Calhoun was a member of the first city planning commission in 1911. It is possible that he heard the presentation by Thomas Mawson, “The city on the plain and how to make it beautiful” which he delivered to the Canadian Club of Canada. The city planners engaged Mawson to make a plan which would see Calgary into its future. They believed the city would reach a population of 1 million by the year 1914. (We never see those "busts" coming, do we?) Mawson’s Plan, called Calgary: a preliminary scheme for controlling the economic growth of the city, is available, along with transcripts of the two speeches he gave in Calgary, in the Community Heritage and Family History collection at the Central Library. If you have never seen it, you must come down and have a look. Our downtown would have looked very different had the planning commission been able to affect any of the changes he suggested. Mawson was very concerned with the way people lived in cities. He was influenced by the City Beautiful movement and the Garden City movement and his plan reflects those influences. It was a very beautiful vision of the future of Calgary. Here is a picture of what he envisoned for the market area of the city.

Market area, Mawson Plan

Mawson’s report is only one of the resources relating to city planning that we have in our collection. We are on the 4th floor of the Central Library (616 Macleod Trail SE). Drop in for a visit.

Banff Town Warden

by Christine Hayes - 0 Comment(s)

Banff Town Warden

I am intrigued by the history of the Banff area. It was and is a very special place and we are privileged to live so close to Canada’s first National Park. Anthony Henday had visited the area in 1754 and David Thompson had explored the Bow Valley but it was the fall of 1883 when three Canadian Pacific Railway construction workers stumbled across a cave containing hot springs on the eastern slopes of Alberta's Rocky Mountains that the Banff we know now was born.

The people responsible for the park and the town within it were the wardens. A warden was a jack-of-all-trades and his position involved long hours and a wide variety of duties. Walter Peyto was one of those wardens. He served from 1914 to 1948 and as part of his duties he was required to keep a journal of his activities. His grandson David Peyto has edited and published four volumes of these journals which he has called Banff Town Warden. They offer a fascinating glimpse into the activities of the men who fought fires, controlled nuisance animals, feed the zoo animals , maintained the telephone lines, controlled predators, and looked for lost hikers, among other duties. What must have been Walter’s most memorable duty had to have been the eleven days spent in a freight car with two buffalo bound for the Toronto Zoo. The life of a warden was not a boring one.

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Buffalo in Banff National Park, 1905

Postcards from the Past PC 1570

Calgary Brewing and Malting

by Christine Hayes - 0 Comment(s)

PC 1376

Calgary Brewing and Malting Co.

Postcards from the Past, PC 1376

Another historic Calgary site has been in the news recently. The owner of the Calgary Brewing and Malting site in Inglewood has applied for demolition permits for some of the buildings on the site. Although it is a Class A heritage site, this designation does not legally block the owner from demolishing the buildings. A Historic Resource Impact Assessment has been ordered.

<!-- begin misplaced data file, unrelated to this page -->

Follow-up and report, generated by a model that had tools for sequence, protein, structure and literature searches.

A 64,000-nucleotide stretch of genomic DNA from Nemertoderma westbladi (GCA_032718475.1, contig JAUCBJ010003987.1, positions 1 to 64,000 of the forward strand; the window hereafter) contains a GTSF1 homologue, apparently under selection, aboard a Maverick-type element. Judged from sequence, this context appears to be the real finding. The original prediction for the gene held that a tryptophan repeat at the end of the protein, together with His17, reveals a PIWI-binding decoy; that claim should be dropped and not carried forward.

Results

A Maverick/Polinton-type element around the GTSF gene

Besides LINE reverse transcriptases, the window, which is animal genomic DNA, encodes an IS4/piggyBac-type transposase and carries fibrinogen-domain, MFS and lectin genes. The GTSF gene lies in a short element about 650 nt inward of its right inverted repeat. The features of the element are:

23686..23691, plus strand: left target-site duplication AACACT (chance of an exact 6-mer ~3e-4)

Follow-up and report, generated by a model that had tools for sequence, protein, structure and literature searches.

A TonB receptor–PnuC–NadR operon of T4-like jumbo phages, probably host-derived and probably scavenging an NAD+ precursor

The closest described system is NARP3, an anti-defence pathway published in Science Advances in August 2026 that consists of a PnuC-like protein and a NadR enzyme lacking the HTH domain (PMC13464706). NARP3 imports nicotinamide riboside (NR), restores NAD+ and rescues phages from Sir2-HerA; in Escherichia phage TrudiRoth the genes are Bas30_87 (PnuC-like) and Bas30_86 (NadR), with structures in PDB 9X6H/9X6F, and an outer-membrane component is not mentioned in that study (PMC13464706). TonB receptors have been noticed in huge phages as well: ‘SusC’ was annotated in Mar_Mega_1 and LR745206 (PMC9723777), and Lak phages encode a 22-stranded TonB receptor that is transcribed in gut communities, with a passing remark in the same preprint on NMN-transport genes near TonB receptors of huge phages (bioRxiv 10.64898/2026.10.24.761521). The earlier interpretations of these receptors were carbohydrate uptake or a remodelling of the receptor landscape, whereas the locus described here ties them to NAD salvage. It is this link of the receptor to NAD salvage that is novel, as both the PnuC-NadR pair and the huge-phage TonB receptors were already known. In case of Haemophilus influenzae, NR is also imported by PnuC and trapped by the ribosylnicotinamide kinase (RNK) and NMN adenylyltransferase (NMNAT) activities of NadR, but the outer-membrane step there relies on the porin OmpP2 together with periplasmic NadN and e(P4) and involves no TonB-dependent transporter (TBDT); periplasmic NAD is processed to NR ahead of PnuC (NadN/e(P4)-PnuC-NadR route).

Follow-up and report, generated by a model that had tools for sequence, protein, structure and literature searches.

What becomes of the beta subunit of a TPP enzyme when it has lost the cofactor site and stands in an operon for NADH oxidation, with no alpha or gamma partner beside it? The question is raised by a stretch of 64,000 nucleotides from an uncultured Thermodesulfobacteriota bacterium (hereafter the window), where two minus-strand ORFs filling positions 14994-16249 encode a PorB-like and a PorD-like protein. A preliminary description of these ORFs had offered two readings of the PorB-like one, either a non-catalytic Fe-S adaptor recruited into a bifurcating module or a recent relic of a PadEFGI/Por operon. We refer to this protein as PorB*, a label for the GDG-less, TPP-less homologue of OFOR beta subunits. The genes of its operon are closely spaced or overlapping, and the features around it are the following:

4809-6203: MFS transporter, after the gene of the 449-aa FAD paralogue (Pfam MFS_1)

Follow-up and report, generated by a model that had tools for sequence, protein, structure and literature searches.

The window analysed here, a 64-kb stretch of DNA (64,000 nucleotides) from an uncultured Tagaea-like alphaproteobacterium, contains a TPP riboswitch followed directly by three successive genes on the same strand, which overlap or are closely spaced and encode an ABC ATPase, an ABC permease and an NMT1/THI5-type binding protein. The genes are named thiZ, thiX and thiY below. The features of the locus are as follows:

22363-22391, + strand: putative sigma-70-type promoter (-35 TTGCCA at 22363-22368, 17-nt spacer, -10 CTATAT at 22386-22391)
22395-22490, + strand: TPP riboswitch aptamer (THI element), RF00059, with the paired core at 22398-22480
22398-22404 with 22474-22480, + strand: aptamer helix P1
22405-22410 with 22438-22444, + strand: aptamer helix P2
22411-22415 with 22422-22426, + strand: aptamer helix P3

The Calgary Brewing and Malting Company was really one of the very first Calgary industries. It was founded in 1892 by A.E. Cross, one of the Big Four, on a site which was, at the time, just outside of the city limits. It had two key elements important to a brewery; its proximity to the rail line and an artesian well nearby (because we all know, "the water makes the difference, naturally.") Some of the buildings on that site date to the original founding of the company. There are also buildings on the site that hold historic significance because of their architecture. For example, the administration office was designed by Hodgson and Bates in 1907 and maintains some of the original detail including a sandstone carving of a buffalo head and horseshoe, the logo of the company and a familiar symbol to anyone who grew up quaffing the company’s products (which did include soft drinks!) Calgary Brewing and Malting was the first industry in Calgary to use natural gas in 1908. The gas came from a well drilled by Archie Dingman's Calgary Natural Gas Company on Colonel Walker's estate.

The site also bears historic importance because of the role of the company in the life of this city. The area around was known as Brewery Flats because of the importance of the industry as an employer to the people who lived there. The Cross family employed people in good times and in bad. During the Depression, rather than lay off employees, they were put to work creating the Brewery Gardens, trout ponds and fish hatchery. They held the jobs for those who had gone to serve in World War II. The grounds also housed the largest salt water aquarium west of Vancouver and the Horseman’s Hall of Fame. There is an excellent discussion of the site and its importance to the city on the Calgary Heritage Initiative’s website: